Wednesday, June 6, 2007
[visual description: A billboard is shown that is approximately three times the height of a chair in front of it .]
Digital paper that can speak has been invented by scientists.
"Researchers from Mid Sweden University have constructed an interactive paper billboard that emits recorded sound in response to a user's touch.
The prototype display uses conductive inks, which are sensitive to pressure, and printed speakers.
The team envisages that the technology could be used by advertisers, and in the future, it might even be employed for product packaging."
Although this BBC article makes no mention of its use as an assistive technology device, I found this exciting. (They think it would be great on cigarette packaging, but I think of my Ski for Light and blind friends and have all kinds of other ideas.) The example shown is for advertising - the way it works is that you touch the screen (like a board/kiosk) and then a voice streams out (digital file).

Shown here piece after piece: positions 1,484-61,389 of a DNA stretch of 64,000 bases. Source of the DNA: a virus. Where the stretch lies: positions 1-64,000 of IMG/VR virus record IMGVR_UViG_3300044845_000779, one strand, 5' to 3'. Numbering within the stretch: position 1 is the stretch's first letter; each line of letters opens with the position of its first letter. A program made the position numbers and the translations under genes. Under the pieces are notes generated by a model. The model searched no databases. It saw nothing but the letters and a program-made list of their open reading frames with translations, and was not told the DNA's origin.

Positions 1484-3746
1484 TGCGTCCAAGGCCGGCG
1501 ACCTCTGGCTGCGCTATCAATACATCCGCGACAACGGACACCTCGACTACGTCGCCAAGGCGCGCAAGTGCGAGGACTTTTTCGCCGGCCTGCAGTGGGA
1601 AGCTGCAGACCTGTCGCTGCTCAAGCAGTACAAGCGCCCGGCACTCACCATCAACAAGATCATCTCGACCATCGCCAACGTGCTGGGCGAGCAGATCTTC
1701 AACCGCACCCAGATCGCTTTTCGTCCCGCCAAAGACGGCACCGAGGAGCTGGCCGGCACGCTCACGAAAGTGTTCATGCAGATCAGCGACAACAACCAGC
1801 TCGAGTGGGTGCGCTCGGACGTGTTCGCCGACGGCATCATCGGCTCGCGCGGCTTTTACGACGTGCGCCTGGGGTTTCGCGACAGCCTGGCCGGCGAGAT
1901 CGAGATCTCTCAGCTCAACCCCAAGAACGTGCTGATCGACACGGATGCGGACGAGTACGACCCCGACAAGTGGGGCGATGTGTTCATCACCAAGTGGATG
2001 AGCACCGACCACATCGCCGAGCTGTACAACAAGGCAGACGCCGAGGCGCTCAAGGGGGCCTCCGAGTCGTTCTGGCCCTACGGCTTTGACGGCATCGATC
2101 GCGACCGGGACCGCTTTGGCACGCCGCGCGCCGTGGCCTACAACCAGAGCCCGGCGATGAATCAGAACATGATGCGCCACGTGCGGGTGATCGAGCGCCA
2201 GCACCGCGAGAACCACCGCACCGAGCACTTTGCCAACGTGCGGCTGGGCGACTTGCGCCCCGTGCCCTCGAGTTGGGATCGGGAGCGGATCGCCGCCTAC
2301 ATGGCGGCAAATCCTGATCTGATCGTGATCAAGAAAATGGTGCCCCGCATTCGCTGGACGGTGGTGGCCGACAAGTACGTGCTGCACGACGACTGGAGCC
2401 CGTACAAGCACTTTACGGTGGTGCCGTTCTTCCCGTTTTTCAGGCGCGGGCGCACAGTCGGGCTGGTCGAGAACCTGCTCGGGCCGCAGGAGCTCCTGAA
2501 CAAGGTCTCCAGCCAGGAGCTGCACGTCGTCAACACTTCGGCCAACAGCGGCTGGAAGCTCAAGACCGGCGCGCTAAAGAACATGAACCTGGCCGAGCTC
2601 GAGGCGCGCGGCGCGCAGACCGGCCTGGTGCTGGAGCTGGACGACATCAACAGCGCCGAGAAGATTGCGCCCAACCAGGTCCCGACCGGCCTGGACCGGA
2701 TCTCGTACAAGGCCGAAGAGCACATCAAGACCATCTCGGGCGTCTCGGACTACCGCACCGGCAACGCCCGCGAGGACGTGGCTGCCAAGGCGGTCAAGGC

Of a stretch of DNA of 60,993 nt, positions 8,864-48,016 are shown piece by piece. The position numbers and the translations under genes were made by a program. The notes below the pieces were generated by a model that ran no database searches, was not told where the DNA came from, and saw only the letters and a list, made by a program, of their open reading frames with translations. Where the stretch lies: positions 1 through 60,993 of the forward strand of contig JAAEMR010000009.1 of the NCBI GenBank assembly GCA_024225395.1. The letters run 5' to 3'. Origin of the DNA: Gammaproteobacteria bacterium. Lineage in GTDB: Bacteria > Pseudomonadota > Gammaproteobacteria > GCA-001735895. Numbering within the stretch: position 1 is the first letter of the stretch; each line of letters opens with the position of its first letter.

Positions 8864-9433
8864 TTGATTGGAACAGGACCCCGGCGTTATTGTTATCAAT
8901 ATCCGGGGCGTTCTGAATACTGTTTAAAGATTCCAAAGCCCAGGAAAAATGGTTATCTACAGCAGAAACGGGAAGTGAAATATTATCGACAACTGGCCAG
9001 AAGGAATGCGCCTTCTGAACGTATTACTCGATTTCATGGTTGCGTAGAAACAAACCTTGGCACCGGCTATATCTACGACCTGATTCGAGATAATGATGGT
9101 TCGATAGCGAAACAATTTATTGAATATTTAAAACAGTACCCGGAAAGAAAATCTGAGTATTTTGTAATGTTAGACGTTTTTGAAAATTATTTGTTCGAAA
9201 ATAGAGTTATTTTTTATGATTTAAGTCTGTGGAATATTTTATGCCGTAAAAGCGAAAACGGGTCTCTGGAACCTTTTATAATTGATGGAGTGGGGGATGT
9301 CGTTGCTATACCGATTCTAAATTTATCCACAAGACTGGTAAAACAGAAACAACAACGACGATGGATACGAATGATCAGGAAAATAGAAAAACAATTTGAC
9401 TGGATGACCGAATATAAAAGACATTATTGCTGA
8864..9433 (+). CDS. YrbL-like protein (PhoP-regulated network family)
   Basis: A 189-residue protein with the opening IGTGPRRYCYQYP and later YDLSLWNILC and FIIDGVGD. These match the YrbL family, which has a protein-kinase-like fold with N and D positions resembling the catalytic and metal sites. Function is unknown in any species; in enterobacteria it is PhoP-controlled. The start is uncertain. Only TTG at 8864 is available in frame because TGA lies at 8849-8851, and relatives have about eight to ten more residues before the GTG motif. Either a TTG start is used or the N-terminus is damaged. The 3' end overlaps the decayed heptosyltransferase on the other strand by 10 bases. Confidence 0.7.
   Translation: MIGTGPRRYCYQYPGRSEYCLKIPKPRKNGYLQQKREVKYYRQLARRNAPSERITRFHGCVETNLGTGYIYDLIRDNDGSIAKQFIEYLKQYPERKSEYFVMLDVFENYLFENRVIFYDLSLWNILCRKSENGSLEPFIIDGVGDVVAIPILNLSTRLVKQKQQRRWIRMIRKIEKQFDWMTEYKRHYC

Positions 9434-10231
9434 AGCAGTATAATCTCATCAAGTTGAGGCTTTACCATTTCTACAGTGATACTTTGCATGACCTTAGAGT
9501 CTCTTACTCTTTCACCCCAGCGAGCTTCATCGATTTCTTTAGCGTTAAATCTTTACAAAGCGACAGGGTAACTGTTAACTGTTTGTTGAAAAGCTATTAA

Hopefully this break through could be extended toward other ideas - classroom applications, handouts, smaller sheets of "paper", menus, displays in train/bus stations to make people more independent, maps in malls, etc. Very exciting how much independence this could provide through this technology.